When building another digital clock it is always a dilemma how to make it engaging and unique. Alex found interesting way of counting and displaying time. He used LED matrix controlled by Mbed board.
Clock updates and displays time as digits every minute. But after a second or two Game of Life takes over and starts changing LED pixels by following four simple rules:
- Any live cell with fewer than two live neighbours dies, as if caused by under-population.
- Any live cell with two or three live neighbours lives on to the next generation.
- Any live cell with more than three live neighbours dies, as if by overcrowding.
- Any dead cell with exactly three live neighbours becomes a live cell, as if by reproduction.
So every minute you get different starting conditions what makes it behave differently every time. Game updates it status every second. So so get a seconds count as well but there is no way to tell the time until minute is counted up.
Generally speaking – computer is a device that can perform arithmetic and logical operations. In other words there mas be a processor, memory and some input/output. So not only personal computers, tablets and other stuffed devices can be called computers. Any microcontroller like AVR is already a computer in a chip. Anyway for some fun, rovku put together a simple computer out of three chips that make it tick. For a processor he’s chosen Rockvel R6502P which is an 8-bit processor running at 1MHz. As I/O controller there is an Atmega16 used which talks to external CY7C130 dual port 1K RAM and also generates composite video signals.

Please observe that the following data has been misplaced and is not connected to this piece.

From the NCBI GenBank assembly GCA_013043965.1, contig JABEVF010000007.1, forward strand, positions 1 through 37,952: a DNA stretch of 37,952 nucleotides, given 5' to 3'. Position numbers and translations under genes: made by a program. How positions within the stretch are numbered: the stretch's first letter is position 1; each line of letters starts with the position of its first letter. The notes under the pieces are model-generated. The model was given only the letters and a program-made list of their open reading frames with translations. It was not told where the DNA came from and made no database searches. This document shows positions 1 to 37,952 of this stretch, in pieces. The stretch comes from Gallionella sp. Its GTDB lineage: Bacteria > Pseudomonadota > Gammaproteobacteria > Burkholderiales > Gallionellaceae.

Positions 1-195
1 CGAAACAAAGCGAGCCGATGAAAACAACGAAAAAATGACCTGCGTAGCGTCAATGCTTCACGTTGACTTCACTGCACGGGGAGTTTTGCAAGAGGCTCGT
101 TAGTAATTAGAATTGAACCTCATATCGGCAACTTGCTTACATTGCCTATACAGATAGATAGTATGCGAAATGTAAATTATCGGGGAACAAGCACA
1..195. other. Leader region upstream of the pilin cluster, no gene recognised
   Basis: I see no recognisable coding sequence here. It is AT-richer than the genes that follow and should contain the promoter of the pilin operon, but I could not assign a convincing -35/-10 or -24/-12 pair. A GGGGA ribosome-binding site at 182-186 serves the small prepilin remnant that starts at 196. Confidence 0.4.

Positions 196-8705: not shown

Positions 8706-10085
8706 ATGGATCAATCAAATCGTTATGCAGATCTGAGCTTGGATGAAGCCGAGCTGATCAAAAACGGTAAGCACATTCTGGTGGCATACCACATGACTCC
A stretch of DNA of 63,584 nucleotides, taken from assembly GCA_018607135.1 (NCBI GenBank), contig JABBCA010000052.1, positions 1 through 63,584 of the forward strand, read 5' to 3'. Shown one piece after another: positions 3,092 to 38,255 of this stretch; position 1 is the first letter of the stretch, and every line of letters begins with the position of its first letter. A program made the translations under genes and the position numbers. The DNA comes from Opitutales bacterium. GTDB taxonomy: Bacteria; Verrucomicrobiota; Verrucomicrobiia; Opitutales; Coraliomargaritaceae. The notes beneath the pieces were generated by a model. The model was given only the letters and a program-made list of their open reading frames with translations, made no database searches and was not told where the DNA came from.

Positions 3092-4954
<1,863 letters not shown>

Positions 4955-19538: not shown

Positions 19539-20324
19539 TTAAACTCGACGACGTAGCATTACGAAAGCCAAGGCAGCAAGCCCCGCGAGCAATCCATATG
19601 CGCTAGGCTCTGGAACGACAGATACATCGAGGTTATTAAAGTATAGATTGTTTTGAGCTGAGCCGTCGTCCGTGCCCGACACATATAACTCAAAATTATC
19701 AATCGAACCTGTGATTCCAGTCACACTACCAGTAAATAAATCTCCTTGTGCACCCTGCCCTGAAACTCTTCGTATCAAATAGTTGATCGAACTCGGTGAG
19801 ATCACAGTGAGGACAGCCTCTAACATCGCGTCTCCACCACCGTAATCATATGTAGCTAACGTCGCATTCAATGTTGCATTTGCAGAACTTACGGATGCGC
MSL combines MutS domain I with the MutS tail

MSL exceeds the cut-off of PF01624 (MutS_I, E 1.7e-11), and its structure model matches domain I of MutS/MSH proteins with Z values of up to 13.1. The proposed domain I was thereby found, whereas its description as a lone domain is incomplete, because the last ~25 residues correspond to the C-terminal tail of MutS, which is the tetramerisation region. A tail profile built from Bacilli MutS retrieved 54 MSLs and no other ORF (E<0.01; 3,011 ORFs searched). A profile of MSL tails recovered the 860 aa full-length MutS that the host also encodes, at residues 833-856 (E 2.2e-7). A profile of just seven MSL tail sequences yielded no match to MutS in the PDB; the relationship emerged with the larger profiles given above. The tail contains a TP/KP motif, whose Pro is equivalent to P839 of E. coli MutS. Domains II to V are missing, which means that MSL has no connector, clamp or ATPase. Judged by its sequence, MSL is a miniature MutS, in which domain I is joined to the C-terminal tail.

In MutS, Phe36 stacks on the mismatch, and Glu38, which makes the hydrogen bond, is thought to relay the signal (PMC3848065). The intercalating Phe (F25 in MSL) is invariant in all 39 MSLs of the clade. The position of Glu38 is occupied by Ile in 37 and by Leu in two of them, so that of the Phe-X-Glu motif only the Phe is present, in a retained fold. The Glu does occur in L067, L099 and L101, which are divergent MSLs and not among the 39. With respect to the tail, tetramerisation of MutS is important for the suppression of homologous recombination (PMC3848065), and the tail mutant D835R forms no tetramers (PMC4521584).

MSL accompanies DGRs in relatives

Computer doesn’t do any special – it outputs OK to screen and blinks a cursor. But this is more than enough to prove the concept and have a warm feeling of seeing it working.
We all know about STMicroelectronics. Recently they have released a surprisingly cheap (only 10 Euros) evaluation kit for their ever popular 8-bit controllers. It has an on-board micron roller, clocked at 16MHz and having a memory of 32KB with 2KB of RAM and 1KB of EEPROM data. As compared to AVR/PIC, it has 4sets of TIMERS along with additional on-board peripherals such as SPI, I2C, UART, and ADC. Surprisingly it also features an on-board integrated ST-LINK for programming and debugging over USB. Therefore you don’t need to buy any type of converters or even a separate programmer.
The circuit board has been designed so that you can simply snap off the ST-LINK part if you’d like to use the microcontroller on its own and it also has dedicated jumpers based on the power-supply you want to use. An interesting addition to the board is a touch-sensitive key which is a totally new and advanced concept. In my opinion, if you are just beginning to learn programming and don’t want to begin with ARDUINO, go with this as it’s cheap and has the basic peripherals on-board.
In many microcontroller projects you need some non-volatile memory – which preserves data even when power is off. Most popular type of such memory is Flash or EEPROM. Many MCUs like AVR or PIC already have some EEPROM inside chip that may suite your needs. But in many cases it is not included and you may need to connect it externally. EEPROMs with I2C interface is very common in such situation as they don’t need lots of I/Os (only two wires). If you decided to add an EEPROM chip in to your project check out the useful guide on how it works written by Jesus Echavarria. As example he took 24LC256 EEPROM which capacity is 32K x 8 bytes. Chip works in pretty wide voltage range – between 1.7V and 5.5V which is great either for 3.3V or 5V setups.
He covers all the basic things you need to take care of including selecting proper chip slave address in I2C line. Then performing reading and writing EEPROM data in byte and page modes. This guide might serve as nice snippet for your next project so you don’t have to scratch head if something goes wrong.